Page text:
<li>list point 3</li>
        	</ul>
       <h2>List heading 3</h2>
       	<ul>
        		<li>list point 1</li>
        		<li>list point 2</li>
        		<li>list point 3</li>
        	</ul>
    The above is simply my opinion based on reading I've done

    Hope that helps in some way

    /Ox
    My postings are a natural product.
    The slight variations in spelling and grammar enhance its
    individual character and beauty and in no way are to be
    considered flaws or defects - http://www.guinnesspig.net

  3. #3
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    I will try to explain myself better:

    1/

    What I mean is this:

    For example I define <h1> like this:

    Code:
      h1 {
         font-family: Arial!important;
         font-size: 16pt;
         }
    Then I have this div:

    Code:
       <div id="mostpopularjokes">
         <h1>Most popular jokes
         <ul>
         <li>blabla
         <li>blabla
         <li>blabla
         </ul>
         <a href="http://yahoo.com">More popular listings by clicking here!</a>
         </div>

    Code:
       #mostpopularjokes
         {
         font-size: 93%;
         }

    This way, the font size of the header is preserved (remember 16pt) whereas all the other text font sizes are reduced (I define all the other fonts sizes in the css file with either "em" or "%").

    So my question is:

    Is it a good idea to "block" the font-size of the headers (!important) to be able to use them in <divs without them never getting altered in font size??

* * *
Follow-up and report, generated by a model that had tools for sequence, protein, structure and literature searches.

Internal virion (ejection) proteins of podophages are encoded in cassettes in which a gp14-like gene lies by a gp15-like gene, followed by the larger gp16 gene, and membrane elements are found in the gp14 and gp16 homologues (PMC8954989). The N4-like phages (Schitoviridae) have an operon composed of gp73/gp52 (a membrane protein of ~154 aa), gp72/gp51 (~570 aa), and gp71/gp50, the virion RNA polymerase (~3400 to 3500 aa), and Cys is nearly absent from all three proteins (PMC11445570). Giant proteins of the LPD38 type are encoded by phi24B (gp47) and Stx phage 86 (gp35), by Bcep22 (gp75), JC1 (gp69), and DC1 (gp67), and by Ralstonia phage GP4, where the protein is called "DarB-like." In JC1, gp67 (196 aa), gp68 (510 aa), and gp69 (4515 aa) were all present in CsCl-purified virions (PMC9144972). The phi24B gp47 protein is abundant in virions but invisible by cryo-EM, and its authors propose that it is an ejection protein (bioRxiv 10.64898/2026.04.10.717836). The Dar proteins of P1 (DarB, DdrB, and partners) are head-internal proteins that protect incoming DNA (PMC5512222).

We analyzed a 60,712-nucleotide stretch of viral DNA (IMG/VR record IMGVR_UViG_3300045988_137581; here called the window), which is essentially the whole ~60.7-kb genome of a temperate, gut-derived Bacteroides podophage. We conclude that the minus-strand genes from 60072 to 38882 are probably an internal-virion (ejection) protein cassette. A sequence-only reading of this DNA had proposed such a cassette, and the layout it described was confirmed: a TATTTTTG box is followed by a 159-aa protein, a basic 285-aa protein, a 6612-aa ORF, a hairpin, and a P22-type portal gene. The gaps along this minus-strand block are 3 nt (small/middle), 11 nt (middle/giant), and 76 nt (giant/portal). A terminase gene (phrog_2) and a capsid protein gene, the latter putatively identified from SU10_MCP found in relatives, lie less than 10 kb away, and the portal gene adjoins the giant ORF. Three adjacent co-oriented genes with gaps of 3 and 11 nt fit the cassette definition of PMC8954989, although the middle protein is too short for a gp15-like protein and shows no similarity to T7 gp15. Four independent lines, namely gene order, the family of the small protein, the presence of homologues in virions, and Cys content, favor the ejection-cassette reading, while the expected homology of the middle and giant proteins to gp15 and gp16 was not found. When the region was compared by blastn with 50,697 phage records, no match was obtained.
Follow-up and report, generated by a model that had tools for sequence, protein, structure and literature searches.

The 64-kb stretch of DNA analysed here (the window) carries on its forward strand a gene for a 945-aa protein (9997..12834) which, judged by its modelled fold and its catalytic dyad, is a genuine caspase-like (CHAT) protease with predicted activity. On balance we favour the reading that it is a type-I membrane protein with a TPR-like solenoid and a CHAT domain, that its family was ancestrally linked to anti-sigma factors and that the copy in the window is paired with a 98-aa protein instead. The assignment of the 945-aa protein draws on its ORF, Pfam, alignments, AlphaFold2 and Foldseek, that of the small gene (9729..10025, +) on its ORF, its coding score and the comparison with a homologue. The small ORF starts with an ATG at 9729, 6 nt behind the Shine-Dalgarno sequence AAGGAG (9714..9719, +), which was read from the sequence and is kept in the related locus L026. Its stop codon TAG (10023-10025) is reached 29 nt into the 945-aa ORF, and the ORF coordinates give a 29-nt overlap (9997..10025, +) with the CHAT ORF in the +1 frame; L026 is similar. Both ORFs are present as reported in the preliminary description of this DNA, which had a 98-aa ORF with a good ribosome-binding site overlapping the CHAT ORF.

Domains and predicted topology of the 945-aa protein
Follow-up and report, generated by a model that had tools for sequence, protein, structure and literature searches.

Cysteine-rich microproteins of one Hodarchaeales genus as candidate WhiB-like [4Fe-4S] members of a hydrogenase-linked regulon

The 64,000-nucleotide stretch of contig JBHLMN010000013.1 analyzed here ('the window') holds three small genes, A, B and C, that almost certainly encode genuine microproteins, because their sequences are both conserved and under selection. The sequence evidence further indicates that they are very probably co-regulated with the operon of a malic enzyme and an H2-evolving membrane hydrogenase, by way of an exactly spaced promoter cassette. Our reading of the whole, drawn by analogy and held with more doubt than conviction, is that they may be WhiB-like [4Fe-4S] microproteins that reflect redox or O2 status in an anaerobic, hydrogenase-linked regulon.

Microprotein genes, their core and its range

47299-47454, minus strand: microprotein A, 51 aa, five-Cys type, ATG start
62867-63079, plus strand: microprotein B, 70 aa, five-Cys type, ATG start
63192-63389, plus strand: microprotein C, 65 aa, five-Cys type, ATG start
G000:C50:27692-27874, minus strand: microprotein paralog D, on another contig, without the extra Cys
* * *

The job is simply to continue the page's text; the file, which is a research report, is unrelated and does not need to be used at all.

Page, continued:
2/

    For example let's take this:

    Code:
    <div id="jokecat">
     <h1>The real heading of a div</h1>
     <ul>
     <li><img src="some img"> <h5>French Jokes</h5></li>
     <li><img src="some img"> <h5>Norwegian Jokes</h5></li>
     <li><img src="some img"> <h5>Other jokes</h5></li>
     </ul>
     </div>

    In CSS:

    Code:
       #jokecat ul li h5 {display: inline;}

    Isn't this nice CSS programming?

  4. #4
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    I think it's good programming... what do you all think?

  5. #5
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    Thank you for your reply Ox... very helpful

  6. #6
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    Hi agw,

    Regarding your font-size question - I wouldn't define anything with px or pt. IE has a very well known problem whereas it doesn't allow font-sizing unless using a flexible unit (such as % or em). It may be a long way round to achieve, but I would actually define yet more header styles specifically for the #mostpopularjokes div.

    e.g
    Code:
    #mostpopularjokes h1 {
    font-size:120%;
    }
    or, I wouldn't define a font-size for the #mostpopularjokes div, and instead target the elements within.

    e.g.
    Code:
    #mostpopularjokes p, #mostpopularjokes ul {
    font-size:93%;
    }
    Regarding your second question of using <h> tags inside your ul - this is not recommended. The only reason I could see you wanting to do this is for the benefit of search engines. Whilst it wouldn't have any fundamental problems in the rendering of the code, it's not exactly semantic is it? They're simply tags that are not required...